- Viorel Anastasoaie (Growing plants and domesticating the Revolution: tobacco, the revolutionary state, and the micro-politics of value in a community of tobacco-producers in western Cuba, Marie Curie, awarded 2019)
- Myriam Lamrani (From the Saints to the State: Modes of Intimate Devotion to Saintly Images in Oaxaca, Mexico, ERC, awarded 2019)
- Kelly Fagan Robinson (Looking to listen: individual 'turns' in deaf space and the worlds they conjure, ESRC/AHRC, awarded 2018)
- Tobia Farnetti (The blur of modernity: essentialism, affect and everyday life in Tokyo, ESRC, awarded 2018)
- Joseph Bristley (Animal economics: livestock, pastoralism and capitalism in post-socialist Mongolia, ESRC, awarded 2017)
- Ana Carolina Barreto Balthazar (The character of things: materiality and belonging in Margate, UK, awarded 2016).
- David Cooper (Productive dilemmas: assistance and struggle in a Nicaraguan cooperative, awarded 2015)
- Babis Kontarakis (Muslims possessed: spirit possession and Islam in Cairo, awarded 2015)
- Timothy Carroll (Becoming Orthodox: of people and things in the making of religious subjects, awarded 2015)
- Alessandra Basso Ortíz (d.2014) (Performing ethics: Will, perspective and action of Afro-Cuban religions, AHRC - parts of PhD published posthumously)
- Vita Peacock (We, the Max Planck Society: A study of hierarchy in Germany, AHRC, awarded 2013)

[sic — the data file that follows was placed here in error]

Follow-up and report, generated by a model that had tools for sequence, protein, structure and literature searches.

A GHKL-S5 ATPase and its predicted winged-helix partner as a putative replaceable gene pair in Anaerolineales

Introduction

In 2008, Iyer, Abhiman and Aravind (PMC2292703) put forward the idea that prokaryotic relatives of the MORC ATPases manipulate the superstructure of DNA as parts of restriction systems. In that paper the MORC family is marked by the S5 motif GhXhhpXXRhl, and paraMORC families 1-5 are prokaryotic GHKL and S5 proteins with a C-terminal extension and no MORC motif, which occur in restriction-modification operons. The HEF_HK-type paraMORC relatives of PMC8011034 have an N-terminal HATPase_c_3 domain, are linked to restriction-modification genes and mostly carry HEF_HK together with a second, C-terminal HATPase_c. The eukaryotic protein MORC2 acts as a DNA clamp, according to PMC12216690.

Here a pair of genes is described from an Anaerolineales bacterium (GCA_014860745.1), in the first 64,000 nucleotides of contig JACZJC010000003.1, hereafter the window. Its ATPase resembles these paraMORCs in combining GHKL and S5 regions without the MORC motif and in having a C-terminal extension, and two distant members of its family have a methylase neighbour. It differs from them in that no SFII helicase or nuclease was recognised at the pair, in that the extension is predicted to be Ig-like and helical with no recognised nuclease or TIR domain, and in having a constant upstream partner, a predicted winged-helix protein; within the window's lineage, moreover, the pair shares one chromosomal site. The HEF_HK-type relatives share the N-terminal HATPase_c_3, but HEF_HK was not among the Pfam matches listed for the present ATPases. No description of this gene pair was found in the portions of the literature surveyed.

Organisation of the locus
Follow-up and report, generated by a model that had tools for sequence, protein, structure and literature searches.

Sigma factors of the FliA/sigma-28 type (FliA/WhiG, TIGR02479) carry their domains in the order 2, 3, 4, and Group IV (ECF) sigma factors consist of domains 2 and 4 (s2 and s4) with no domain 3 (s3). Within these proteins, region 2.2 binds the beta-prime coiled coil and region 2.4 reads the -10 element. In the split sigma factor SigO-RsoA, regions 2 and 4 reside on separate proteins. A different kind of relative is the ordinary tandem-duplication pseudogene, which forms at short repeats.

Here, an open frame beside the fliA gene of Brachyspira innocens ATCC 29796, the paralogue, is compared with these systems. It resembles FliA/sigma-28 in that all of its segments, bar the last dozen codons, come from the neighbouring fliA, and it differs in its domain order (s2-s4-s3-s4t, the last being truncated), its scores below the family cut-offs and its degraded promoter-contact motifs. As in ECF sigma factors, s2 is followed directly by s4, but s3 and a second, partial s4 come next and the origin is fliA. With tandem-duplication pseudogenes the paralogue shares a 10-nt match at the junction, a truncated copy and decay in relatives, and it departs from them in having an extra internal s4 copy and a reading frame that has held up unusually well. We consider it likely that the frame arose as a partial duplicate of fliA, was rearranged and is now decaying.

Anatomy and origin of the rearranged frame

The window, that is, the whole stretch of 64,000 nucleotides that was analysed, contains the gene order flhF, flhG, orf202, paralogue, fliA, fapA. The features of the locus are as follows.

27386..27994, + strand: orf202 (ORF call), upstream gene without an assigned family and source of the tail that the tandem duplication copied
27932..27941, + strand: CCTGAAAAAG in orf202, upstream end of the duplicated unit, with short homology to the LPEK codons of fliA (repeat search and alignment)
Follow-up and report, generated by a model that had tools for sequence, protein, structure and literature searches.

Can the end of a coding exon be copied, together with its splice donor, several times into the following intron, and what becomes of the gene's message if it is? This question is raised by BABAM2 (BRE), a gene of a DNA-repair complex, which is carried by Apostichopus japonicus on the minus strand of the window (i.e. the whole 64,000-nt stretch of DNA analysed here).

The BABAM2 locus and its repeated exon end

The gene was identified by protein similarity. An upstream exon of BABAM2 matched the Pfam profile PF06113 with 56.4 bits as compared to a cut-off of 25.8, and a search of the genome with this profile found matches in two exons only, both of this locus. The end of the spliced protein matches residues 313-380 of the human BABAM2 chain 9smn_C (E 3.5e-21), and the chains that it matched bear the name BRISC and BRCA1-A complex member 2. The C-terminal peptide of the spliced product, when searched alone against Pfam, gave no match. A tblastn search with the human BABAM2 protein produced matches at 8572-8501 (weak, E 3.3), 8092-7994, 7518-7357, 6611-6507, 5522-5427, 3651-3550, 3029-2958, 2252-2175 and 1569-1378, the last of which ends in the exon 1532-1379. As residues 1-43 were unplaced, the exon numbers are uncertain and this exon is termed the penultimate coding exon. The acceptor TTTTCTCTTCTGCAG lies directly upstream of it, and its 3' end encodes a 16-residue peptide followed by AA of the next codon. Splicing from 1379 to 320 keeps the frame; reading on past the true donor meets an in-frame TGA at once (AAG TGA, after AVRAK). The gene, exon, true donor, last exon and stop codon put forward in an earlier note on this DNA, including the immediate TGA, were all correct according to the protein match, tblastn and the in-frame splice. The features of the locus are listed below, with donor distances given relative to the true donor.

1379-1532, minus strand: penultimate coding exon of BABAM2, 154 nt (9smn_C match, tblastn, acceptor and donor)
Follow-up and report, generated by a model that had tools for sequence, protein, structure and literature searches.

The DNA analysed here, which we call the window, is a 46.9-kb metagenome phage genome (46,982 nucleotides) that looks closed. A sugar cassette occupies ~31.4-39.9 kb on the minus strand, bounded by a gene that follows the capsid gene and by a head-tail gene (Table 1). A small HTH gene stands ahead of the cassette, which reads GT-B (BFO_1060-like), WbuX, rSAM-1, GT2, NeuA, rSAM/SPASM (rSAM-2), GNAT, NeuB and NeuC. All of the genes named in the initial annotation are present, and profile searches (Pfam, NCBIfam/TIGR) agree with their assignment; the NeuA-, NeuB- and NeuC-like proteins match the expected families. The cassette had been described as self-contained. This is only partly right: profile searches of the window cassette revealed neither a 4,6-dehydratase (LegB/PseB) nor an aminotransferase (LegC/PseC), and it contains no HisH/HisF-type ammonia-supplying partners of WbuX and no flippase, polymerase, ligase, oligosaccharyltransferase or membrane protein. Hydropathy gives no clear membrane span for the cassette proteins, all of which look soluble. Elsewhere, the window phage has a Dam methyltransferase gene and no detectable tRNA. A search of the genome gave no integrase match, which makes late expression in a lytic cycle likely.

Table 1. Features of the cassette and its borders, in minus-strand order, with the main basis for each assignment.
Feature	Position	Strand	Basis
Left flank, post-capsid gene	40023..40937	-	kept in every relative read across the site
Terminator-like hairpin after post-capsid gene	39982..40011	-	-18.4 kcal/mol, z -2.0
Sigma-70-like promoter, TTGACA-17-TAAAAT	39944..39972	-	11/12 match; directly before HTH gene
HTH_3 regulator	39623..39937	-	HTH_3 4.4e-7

- Julia Sauma (The deep and the Erepecuru: Tracing transgressions in an Amazonian Quilombola territory, ESRC, awarded 2013)
- Matan Shapiro (Invisibility as ethics: affect, play and intimacy in Maranhão, Northeast Brazil, Wenner Gren, awarded 2013)
- Piergiorgio di Giminiani (Ancestral lands, modern transactions: land restoration among the Mapuche in Chile, awarded 2011)
- Damon Dennis (Writing, numbers and material culture in Morocco, awarded 2010)
- Marjorie Murrey (Madrid: the material culture of city life, Chilean State Scholarship, awarded 2009)
- Sergio Gonzalez Varela (Power, symbolism, and play in Afro-Brazilian Capoeira, CONACYT, awarded 2009)
- Diana Espirito Santo (Developing the dead: The nature of knowledge, mediumship and self in Cuban espiritismo, ESRC, awarded 2009)
- Anna Cristina Pertierra (Battles. Inventions and acquisitions: The struggle for consumption in urban Cuba, ORS, awarded 2006)